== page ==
“Competence” must include discipline in following the instructions for the testing device being used. I use a Kewtech KT71 and the manual has many Caution boxes with instructions like “Do not touch the device under test whilst testing is in progress. Since a high voltage of 500V will be present the user may get an electrical shock” which seems like a pretty clear warning to me, so I try my hardest (it’s me that’s going to get the belt!) to avoid touching at all, or if I have to to hold the earth probe in contact then I avoid touching metal parts of the probe and the thing I’m testing, and to make sure no-one else stands a risk of touching it what I do prior to pushing the Start button is take a moment to stand back and check that there is nothing unintended touching the thing being tested and that there is no risk of anyone close by touching it - it’s good to have the PAT testing taking place in a little space of its own. If I have any doubt I don’t proceed. Mains voltages are dangerous. This sort of thing is also why the only people in the mending area should be those who have to be there because their stuff is being mended or they are in the repair cafe team, and why drinks/food aren’t allowed in the mending area, etc.

Also to put the 500V in context, mains voltage of 240V AC means there are peak voltages of +/-340V-ish (i.e, 680V peak to peak) when mains is connected - not that much different from 500V, so what would be the point of an earth leakage test at e.g. 1.5V or 9V from a multimeter when in real use these high voltages are routinely present? The likelihood of insulation breaking down increases with applied voltage.

We do all this because it’s generally acknowledged that devices which aren’t safety tested can be very dangerous, and importantly many of these risks are avoidable - that’s why PAT testing is often (usually? always?) a pre-requisite of liability insurance: it’s all about avoiding unnecessary risks.

Of course, devices that pass the PAT test can also be dangerous, because mains voltages are dangerous and users don’t necessarily understand what they’re playing with - but rather like our vehicle MOT tests the PAT test gives some basic assurance that the thing isn’t going to kill you or anyone else unless you the user do something slightly stupid or are unlucky.

In my experience, insulation breakdown in an appliance that looks fine on a multimeter but faulty at 500V, whilst not impossible, is extremely rare.

Yes it is very unlikely, but low probability (rareness) is not the same as impossibility or zero potential impact. Lightning does strike, and very occasionally it strikes multiple times. Aeroplane crashes are incredibly rare but I don’t want to be in one and in particular I don’t want to be in one where someone in the chain of command (and not on the plane) has blithely said “pffuh, bureaucratic nonsense that never happens [i.e. it hasn’t happened to us recently] so we don’t need to check it” when the event can in fact happen however unlikely and they could quite easily have checked it in order to avoid unnecessary risks.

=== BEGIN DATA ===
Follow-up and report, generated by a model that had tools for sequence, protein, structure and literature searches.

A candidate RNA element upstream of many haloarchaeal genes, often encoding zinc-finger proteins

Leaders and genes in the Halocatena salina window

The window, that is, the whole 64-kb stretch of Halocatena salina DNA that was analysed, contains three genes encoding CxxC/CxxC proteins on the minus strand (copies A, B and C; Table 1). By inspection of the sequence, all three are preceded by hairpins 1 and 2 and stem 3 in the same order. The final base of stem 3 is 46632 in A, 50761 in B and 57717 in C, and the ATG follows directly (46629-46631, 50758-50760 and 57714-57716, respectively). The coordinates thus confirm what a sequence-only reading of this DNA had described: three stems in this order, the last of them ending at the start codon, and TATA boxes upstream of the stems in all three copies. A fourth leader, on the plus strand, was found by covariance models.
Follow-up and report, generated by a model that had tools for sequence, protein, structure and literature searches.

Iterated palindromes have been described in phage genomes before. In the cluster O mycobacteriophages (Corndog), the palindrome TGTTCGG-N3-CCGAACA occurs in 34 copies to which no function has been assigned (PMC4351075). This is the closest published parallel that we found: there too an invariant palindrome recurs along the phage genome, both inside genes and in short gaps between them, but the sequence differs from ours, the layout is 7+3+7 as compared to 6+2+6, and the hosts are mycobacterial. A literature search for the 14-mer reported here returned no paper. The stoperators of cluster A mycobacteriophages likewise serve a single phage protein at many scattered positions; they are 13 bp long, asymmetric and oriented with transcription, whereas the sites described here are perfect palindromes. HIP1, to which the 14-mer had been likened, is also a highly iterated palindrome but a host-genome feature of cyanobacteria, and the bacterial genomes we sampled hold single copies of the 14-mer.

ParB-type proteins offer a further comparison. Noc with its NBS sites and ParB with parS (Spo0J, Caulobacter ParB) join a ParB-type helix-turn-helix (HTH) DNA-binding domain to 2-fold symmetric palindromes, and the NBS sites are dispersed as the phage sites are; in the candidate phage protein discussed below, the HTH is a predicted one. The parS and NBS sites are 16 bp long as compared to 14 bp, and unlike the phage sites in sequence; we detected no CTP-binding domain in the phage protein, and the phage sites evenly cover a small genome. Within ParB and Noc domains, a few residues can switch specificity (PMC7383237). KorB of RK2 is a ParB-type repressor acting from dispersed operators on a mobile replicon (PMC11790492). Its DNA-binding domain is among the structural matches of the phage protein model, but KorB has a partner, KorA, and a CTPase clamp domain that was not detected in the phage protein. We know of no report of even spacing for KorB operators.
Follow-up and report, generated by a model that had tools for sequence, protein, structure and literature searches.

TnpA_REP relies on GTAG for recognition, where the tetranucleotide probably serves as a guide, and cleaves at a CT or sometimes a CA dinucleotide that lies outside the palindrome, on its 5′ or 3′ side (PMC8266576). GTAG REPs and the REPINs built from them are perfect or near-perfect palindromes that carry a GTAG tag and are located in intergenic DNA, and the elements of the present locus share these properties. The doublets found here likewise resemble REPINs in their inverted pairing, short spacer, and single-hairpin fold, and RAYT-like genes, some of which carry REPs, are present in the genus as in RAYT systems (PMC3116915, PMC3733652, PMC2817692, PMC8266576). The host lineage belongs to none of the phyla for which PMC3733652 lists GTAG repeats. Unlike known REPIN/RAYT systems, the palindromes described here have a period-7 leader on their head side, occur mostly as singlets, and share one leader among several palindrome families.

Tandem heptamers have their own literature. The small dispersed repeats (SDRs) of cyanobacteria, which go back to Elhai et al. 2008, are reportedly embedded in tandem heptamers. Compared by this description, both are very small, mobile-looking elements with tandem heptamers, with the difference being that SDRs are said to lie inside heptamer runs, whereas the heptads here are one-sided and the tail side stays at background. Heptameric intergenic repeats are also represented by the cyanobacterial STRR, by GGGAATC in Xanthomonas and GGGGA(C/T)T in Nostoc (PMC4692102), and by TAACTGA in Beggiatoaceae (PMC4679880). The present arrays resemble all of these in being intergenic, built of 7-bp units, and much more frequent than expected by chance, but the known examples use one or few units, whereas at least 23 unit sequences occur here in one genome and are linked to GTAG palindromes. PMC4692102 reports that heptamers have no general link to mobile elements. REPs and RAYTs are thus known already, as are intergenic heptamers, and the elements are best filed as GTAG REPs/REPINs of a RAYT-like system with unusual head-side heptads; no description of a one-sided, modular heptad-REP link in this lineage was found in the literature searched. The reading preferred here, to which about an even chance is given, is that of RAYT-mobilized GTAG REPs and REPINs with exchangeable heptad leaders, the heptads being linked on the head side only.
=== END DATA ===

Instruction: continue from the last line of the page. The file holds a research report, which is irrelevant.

If what you’re really saying is that casual non-“competent” use of a PAT testing device is potentially dangerous then I absolutely agree: yes it is, because mains voltages are involved! And that of course means you must make sure it is a “competent” person who takes responsibility for PAT testing. And then also please add that “casual”/“competent” qualifier to what you say and write because it’s important to qualify rather than making sweeping statements. So say instead “I reluctantly came to the conclusion that CASUALLY using a PAT tester INCREASED the risk of electrocution…” For me, that revised phrase really says “I reluctantly came to the conclusion that I wasn’t competent to do PAT testing” which I hope would then be followed by “so I found someone who is competent.”

Or if you have a truly compelling argument and evidence that a PAT testing device increases risks when used correctly in compliance with the instructions for that device by a competent person, then you really should make that argument to the regulatory authorities, or at least to the manufacturer of the device.

For me, performing PAT testing is a pre-requisite for liability insurance, and for helping to ensure electrical safety for mending volunteers - and this doesn’t absolve the volunteers from their responsibility in ensuring they repair safely and that the repair event proceeds safely.



Hi Ian,

You raise some important and very valid points.

Danger of Fire vs. Electrocution

I find it relatively straightforward to repair and check out an appliance in such a way that I can be confident that it does not represent an electrocution hazard. I find it much harder to say that it won’t cause a fire. Here’s a little story that I may have told on the forum before.